Unbelievably to me, one of the most boring series of lectures I ever heard was a theologian unenthusiastically delineating definitions of attributes of God, in the manner of one reading the tax code.  I consider that a crime against good theology!  The gentleman needed to look up from his curled yellow pages and read a little from the Psalms, Job, Isaiah, John, Colossians, Proverbs and maybe open the hymn book and find something like “Praise to the Lord, the Almighty.”

J. I. Packer rightly said,

…knowing God is a relationship calculated to thrill a man’s heart.”

(Knowing God, IVP, p. 32)

About the Weather – Job 38

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We have had a cold winter so far – about 10 degrees below average.  It is become so that any temperature without a minus sign is good news!

 

In that light, a little poetry from Job 38

22 “Have you entered the storehouses of the snow
    or seen the storehouses of the hail,
23 which I reserve for times of trouble,
    for days of war and battle?
24 What is the way to the place where the lightning is dispersed,
    or the place where the east winds are scattered over the earth?
25 Who cuts a channel for the torrents of rain,
    and a path for the thunderstorm,
26 to water a land where no one lives,
    an uninhabited desert,
27 to satisfy a desolate wasteland
    and make it sprout with grass?
28 Does the rain have a father?
    Who fathers the drops of dew?
29 From whose womb comes the ice?
    Who gives birth to the frost from the heavens
30 when the waters become hard as stone,
    when the surface of the deep is frozen?

 

Mind Your Business – Luke 2:8

Mind Your Business

  “Mind your own business,”

My mother said when I was

Inserting my nose and opinions

Into the lives

 of friends and foe alike.

Get your head out of the clouds

And take care of business.

You have work to do today

And more tomorrow

And even more the day after.

Mind your own business

Said shepherd mothers to their sons.

There are ewes and lambs to watch

Wolves and foxes to watch for

And brambles and crevices.

It is dark, and it is cold  

Make sure you are awake

As your watch crawls slowly to dawn

Or you’ll lose your lambs

And death will come to the flock.

Minding our business,

Passing the watches of the night,

Watching our flocks one night

When it came, but it was not death

It was light, joy and song.

It had to be angels

There’s no other option

They came, first one,

And then a host,

Speaking and then chanting

A baby has been born in David’s city,

Yeah, that happens all the time,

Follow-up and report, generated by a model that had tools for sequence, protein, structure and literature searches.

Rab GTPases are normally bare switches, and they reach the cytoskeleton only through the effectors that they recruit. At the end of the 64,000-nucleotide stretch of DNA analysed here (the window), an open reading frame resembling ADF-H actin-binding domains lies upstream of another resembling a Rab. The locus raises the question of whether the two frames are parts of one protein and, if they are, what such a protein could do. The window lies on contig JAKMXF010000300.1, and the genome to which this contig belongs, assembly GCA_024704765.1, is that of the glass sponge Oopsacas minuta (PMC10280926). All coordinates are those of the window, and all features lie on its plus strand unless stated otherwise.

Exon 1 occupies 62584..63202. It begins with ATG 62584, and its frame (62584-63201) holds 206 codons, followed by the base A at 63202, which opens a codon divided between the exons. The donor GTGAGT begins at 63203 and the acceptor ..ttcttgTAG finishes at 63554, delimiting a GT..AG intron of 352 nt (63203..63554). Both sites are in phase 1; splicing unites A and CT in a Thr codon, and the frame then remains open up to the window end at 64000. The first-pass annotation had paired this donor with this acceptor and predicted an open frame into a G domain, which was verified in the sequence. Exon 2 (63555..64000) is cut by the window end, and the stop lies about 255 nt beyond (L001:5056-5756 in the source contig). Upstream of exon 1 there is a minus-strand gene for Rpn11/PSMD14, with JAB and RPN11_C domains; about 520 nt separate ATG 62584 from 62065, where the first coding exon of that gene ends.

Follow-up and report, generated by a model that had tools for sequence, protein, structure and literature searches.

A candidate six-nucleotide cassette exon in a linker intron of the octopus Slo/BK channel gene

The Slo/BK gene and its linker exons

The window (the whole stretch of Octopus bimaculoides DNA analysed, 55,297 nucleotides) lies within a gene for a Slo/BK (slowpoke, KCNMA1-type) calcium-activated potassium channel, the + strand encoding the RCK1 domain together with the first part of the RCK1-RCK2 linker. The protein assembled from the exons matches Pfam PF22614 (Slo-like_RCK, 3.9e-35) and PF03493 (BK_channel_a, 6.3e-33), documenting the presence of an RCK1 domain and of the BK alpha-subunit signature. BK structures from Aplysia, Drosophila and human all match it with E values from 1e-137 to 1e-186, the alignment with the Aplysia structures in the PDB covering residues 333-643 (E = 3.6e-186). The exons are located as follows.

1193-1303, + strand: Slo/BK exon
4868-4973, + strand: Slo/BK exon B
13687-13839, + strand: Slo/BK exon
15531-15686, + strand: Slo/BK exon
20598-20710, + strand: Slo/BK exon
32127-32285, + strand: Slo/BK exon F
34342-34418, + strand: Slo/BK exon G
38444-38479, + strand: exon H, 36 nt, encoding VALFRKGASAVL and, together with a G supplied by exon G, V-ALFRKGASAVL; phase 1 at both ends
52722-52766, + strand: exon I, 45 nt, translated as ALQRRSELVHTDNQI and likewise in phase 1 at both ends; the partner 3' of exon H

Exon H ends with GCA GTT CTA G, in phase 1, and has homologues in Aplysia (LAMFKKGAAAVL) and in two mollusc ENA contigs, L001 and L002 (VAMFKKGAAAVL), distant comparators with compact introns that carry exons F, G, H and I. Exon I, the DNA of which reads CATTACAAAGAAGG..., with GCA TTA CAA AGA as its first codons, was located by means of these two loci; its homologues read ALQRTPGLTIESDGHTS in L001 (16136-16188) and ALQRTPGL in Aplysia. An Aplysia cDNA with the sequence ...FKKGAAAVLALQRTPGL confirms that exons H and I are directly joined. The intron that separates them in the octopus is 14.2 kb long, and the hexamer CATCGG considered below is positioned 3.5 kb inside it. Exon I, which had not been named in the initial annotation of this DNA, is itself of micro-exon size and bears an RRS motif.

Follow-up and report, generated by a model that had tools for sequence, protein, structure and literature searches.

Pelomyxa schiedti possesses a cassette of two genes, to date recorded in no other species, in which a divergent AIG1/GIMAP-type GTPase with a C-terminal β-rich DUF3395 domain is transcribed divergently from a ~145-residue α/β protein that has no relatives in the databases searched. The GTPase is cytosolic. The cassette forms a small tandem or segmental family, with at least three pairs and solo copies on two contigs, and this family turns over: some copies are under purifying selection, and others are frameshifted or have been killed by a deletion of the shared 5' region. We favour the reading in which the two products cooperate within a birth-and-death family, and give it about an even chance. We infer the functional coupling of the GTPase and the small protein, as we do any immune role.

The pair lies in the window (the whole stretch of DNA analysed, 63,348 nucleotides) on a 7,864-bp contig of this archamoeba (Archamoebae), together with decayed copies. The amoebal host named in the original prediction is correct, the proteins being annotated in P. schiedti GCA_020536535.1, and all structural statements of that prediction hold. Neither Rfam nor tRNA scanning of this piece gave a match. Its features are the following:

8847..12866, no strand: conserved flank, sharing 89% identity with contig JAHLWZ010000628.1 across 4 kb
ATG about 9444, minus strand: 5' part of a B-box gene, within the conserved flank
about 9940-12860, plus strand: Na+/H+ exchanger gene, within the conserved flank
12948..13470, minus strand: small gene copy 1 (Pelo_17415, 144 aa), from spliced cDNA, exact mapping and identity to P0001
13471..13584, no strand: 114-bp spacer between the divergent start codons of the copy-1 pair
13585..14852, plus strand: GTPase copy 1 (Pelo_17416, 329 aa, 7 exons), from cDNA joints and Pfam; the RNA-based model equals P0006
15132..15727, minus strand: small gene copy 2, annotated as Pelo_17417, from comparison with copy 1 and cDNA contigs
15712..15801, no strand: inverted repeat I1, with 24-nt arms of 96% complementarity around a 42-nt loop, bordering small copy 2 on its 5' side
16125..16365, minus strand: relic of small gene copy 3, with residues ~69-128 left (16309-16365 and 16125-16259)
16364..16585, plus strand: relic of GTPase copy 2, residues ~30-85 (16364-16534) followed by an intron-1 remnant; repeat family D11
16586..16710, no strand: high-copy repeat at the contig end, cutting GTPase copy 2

Saul had a girl last year at this time

And got to leave us with the sheep

To keep watch with his new family.

But this child is different,

He comes with a choir

Angels, looking like soldiers,

Armed with words not swords,

Told us to go and see.

Mind your own business,

I thought, as look at the sheep

The same sheep I had watched

For days, weeks and months.

Mind your own business.

Glory to God

In the highest

Peace on earth

To whom God chooses

As He minds His business

So we go, and see the newling

Like one of our lambs,

In a stall, not under the stars,

But with straw and

That country smell we know.

She had been

Minding her business

And he his,

When angels came to them

About a boy child

To be called Jesus.

So we looked,

And it was as they had said

We left our business

To observe for once

Something of heaven.

Mind your own business!

We did get back to our sheep,

Who were watched by the Almighty

While we, we watchers,

Became tellers of tales

Mind this business!

Angels, a baby,

Signs and wrapped cloth,

Sheep and straw

And something totally new.

Now you, mind this!

Your business goes on each day

As the day before,

And the day to come.

The Lord has come,

Mind this business!

David E. Carlson, 2010

2 Corinthians 5 – is this poetry?

Having preached a series of messages on imbedded hymn texts in the New Testament (such as Philippians 2:6ff) and having spent a lot of time in the Wisdom Literature and Psalms, which are laden with literary pattern, I couldn’t help but wonder if there were not two such passages in last Sunday’s text.  2 Corinthians 14b-15 contain a passage that is set off as a summary, and it’s structure and brevity suggests poetry to me.  I have laid it out schematically below.  v. 14a is an introduction, and 14b and 15 are in an ABABCCB Structure.  A – Christ’s Death (and life); B – consequence; C – detail.  We note that the section is set of with “that” (“hoti” in Greek), often a way to introduce a quotation (not quotations marks in Ancient or Koine Greek).

For the love of Christ controls us,

            because we have concluded this:

                        that one has died for all,

                                    therefore all have died;

[15]                  and he died for all,    

                                    that those who live

                                                might no longer live for themselves

                                                but for him who for their sake

                                    died and was raised.

Further, there seems to be two more:  v. 16 is ABAB

[17]      Therefore, if anyone is in Christ,

he is a new creation.

            The old has passed away;

behold, the new has come.

And v. 21 – ABCABC

            For our sake

                              he made him to be sin

                                         who knew no sin,

             so that in him

                            we might become

                                                the righteousness of God.

the Commentators seem to be disturbed over the lack of detail (who are the “all” who died (v. 14b), for example).  If this shares the OT Poetic  characteristic of terseness, that would be explained.  We can use the example of using the structure of parallelism to explain the meaning.  That is use the A sections together and the B sections to give context to the words used.